Hagan v. Central Avenue Dairy, Inc, 180 F.2d 502 (9th Cir. 1950)Annotate this Case
Rehearing Denied February 7, 1950
Everet L. Hagan, in pro. per.
Harry C. Hedberg, Los Angeles, Cal., for appellant.
Bodkin, Breslin & Luddy, Los Angeles, Cal., for appellee.
Before GOODRICH, and POPE, Circuit Judge, and HALL, District Judge.
GOODRICH, Circuit Judge.
This case raises the question of the scope of jurisdiction of the United States District Court in an interpleader action.
The Title Insurance and Trust Company was the escrow holder of the sum of $1,750 deposited by Evert L. Hagan on an agreement between himself and Central Avenue Dairy, Inc., an Arizona corporation. Alleging that both Hagan and the Dairy company had made adverse claims against it for the $1,750, the Title Insurance and Trust Company brought in the United States District Court for the Southern District of California an action of interpleader as provided in the federal statutes, 28 U.S.C.A. §§ 1335, 1397, 2361, joining the two claimants as defendants in this suit. Service was made upon the Dairy company in Arizona.1 It filed no answer and made no appearance in the interpleader suit. The District Court awarded the sum to Hagan. Hagan, in the meantime, had filed a cross-claim against Central Dairy asking for money damages and alleging that the claim for them grew out of the same contract which was the subject-matter of the escrow deposit. Central Dairy appeared specially and objected to the assertion of the court's jurisdiction over it with regard to this cross-claim. The trial court dismissed the cross-claim and Hagan appeals.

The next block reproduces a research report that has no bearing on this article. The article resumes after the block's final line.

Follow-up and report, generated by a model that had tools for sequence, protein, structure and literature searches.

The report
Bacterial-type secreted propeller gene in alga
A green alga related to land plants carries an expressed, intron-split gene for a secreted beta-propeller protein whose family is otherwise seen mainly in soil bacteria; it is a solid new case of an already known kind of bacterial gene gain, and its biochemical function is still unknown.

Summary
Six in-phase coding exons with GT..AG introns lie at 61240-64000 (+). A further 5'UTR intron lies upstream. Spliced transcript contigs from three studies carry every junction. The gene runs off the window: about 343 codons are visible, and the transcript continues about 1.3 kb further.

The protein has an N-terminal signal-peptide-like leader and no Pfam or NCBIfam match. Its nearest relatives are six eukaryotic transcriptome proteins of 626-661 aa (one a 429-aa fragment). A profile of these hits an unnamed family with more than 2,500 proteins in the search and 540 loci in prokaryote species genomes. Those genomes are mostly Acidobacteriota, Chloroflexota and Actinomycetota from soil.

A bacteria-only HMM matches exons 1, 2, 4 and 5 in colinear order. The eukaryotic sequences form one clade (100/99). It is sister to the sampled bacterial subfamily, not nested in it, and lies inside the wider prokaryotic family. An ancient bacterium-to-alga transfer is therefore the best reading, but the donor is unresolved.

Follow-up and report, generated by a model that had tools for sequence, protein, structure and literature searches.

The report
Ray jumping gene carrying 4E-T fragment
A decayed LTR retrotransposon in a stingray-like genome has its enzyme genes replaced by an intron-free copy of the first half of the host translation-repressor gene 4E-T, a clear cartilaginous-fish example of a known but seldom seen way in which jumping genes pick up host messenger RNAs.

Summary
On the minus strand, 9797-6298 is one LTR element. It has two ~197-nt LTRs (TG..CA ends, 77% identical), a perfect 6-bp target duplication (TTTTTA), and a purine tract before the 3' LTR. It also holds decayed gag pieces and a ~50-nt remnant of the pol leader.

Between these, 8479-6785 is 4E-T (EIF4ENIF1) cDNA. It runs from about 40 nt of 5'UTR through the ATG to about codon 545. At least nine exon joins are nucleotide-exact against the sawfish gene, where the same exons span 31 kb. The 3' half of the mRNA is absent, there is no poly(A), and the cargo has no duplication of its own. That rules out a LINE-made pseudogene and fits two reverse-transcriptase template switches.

The interesting question raised by the appeal is whether the court, which undoubtedly had jurisdiction of the interpleader action under the very terms of the statute, was correct in limiting itself to the disposal of the fund involved in the interpleader suit. Hagan urges that it is a well settled principle of equity that "Equity delights to do justice and that not by halves."2 He also presses upon us Rule 13(g) of the Federal Rules of Civil Procedure, 28 U.S.C.A., which provides that "A pleading may state as a cross-claim any claim by one party against a co-party arising out of the transaction or occurrence that is the subject matter either of the original action or of a counter-claim therein or relating to any property that is the subject matter of the original action. * * *" Both contentions are plausible. But equity can only do complete justice if it has before it both the party for whom justice is to be done and against whom justice is to be required. Again, the Federal Rule quoted is, we think, one for the conduct of actions, not to provide a substantive rule governing the extent of the jurisdiction of a court. There is no use in talking about how an action is to be conducted unless a court has jurisdiction of the person and competency as to the subject-matter.
We think the District Court of California did not have personal jurisdiction over the absent non-consenting Arizona corporation except to the extent of that corporation's interest in the escrow fund. That the court had jurisdiction that far is clear from the statute. Furthermore, if Congress had so provided, we think there is no reason why process from the United States District Court could not run country-wide. But Congress has not so provided, generally, and a District Court's power to hear and decide cases involving personal liability of an individual is limited to those served within the state where the court sits.3 The absentee defendant was not personally before the court here. The court could adjudicate rights in the fund, but could affect no other interest of the absentee.